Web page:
The one?

By August, 2008, we saw a house in Everett that seemed to be pretty good. It had only one closet/storage room converted into a spare bedroom (I'm telling you, this phenomenon of over-occupying houses is rampant in the area, and it really annoys my liberal sensibility), and seemed to not be too bad. We looked at it no less than 3 times, once with a building inspector. The inspector gave it flying colors. Though it needs a lot of work, most of the individual jobs are inexpensive and not time-consuming. The first floor is beautifully finished and recently renovated.(I'll disagree here-orange counters peach toilet--can you say 70's?) We can easily get a tenant to move in. We would live on the second floor, and use the third floor for storage and office space. The most expensive project will be making the stairway to the third floor, a proper staircase. The owner had built a rather steep, dangerous stairway to the third floor, and you have to duck to avoid smashing your head on the door-frame as you descend. We figure that paying a contractor to build the frame of the staircase in the correct position above the second-floor staircase will not cost too much, and we would finish it off ourselves to save money. The bathroom on the second floor was a bit ugly, and the kitchen small, but we've both lived in worse places. We could easily add more cabinets to the kitchen, and fix the ugly parts of the bathroom. We made an offer on it for about $1000 more than the asking price. This was done near the end of August, 2008.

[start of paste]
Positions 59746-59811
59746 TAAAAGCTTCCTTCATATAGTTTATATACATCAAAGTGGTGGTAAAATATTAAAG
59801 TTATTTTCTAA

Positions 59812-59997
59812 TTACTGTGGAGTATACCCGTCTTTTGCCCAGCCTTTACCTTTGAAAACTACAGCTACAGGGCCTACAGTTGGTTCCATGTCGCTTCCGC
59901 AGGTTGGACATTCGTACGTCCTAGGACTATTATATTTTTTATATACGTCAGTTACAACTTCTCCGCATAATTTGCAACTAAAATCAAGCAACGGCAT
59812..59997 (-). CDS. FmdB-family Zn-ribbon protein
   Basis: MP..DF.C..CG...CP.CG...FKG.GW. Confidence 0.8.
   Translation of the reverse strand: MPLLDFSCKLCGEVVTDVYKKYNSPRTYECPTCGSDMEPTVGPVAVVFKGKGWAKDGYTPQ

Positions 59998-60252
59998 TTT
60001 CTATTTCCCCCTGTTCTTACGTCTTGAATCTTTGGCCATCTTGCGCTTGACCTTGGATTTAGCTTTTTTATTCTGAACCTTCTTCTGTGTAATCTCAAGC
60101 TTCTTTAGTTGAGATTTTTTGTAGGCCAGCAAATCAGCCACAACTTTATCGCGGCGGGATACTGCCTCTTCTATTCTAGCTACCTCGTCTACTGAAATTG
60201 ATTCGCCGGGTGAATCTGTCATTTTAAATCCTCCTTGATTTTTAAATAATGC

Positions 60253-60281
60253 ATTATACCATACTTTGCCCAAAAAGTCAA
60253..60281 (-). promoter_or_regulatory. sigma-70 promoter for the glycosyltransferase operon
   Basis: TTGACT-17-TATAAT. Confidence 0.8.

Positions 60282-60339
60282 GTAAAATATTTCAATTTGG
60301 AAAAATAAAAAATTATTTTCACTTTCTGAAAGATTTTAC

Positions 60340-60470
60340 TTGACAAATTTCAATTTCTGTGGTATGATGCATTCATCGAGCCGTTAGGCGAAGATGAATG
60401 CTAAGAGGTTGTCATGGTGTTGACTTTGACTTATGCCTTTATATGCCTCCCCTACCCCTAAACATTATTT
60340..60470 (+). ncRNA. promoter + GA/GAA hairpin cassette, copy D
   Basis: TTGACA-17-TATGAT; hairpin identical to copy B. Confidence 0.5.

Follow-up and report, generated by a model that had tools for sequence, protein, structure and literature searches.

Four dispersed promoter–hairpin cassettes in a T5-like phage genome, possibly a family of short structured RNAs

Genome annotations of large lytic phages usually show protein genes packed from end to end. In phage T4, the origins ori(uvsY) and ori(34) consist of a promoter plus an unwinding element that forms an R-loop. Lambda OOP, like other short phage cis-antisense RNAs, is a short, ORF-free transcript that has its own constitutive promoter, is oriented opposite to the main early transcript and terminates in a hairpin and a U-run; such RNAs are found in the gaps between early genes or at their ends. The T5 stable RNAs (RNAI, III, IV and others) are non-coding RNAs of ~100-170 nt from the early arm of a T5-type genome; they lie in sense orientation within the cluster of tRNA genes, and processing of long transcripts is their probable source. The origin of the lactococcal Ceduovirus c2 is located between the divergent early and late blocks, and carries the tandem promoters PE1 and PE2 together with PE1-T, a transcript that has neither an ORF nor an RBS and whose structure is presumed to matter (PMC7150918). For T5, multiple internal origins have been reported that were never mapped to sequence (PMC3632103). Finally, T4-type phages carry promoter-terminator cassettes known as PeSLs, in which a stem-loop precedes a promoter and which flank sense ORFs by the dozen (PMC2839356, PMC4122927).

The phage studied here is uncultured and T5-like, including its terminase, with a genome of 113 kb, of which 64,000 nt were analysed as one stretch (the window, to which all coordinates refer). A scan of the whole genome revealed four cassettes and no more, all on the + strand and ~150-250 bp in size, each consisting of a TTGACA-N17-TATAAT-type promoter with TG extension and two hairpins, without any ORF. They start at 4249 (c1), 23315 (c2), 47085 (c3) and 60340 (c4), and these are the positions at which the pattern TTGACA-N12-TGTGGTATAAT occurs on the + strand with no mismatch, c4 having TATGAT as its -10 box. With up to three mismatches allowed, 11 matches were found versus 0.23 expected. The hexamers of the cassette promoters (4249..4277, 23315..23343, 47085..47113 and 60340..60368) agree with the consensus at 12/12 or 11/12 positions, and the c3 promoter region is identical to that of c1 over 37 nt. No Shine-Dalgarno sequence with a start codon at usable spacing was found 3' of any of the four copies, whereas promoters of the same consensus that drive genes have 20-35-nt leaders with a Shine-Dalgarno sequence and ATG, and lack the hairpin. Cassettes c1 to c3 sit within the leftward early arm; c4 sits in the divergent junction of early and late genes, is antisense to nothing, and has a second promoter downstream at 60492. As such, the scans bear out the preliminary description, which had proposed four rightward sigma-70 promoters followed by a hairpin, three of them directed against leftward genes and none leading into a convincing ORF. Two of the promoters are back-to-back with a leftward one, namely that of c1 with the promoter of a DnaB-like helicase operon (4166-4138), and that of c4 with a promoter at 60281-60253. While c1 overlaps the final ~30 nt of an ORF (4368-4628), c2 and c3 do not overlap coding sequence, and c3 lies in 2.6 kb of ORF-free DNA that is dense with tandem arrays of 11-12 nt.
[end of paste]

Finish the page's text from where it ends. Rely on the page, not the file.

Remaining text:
But wait, there's more...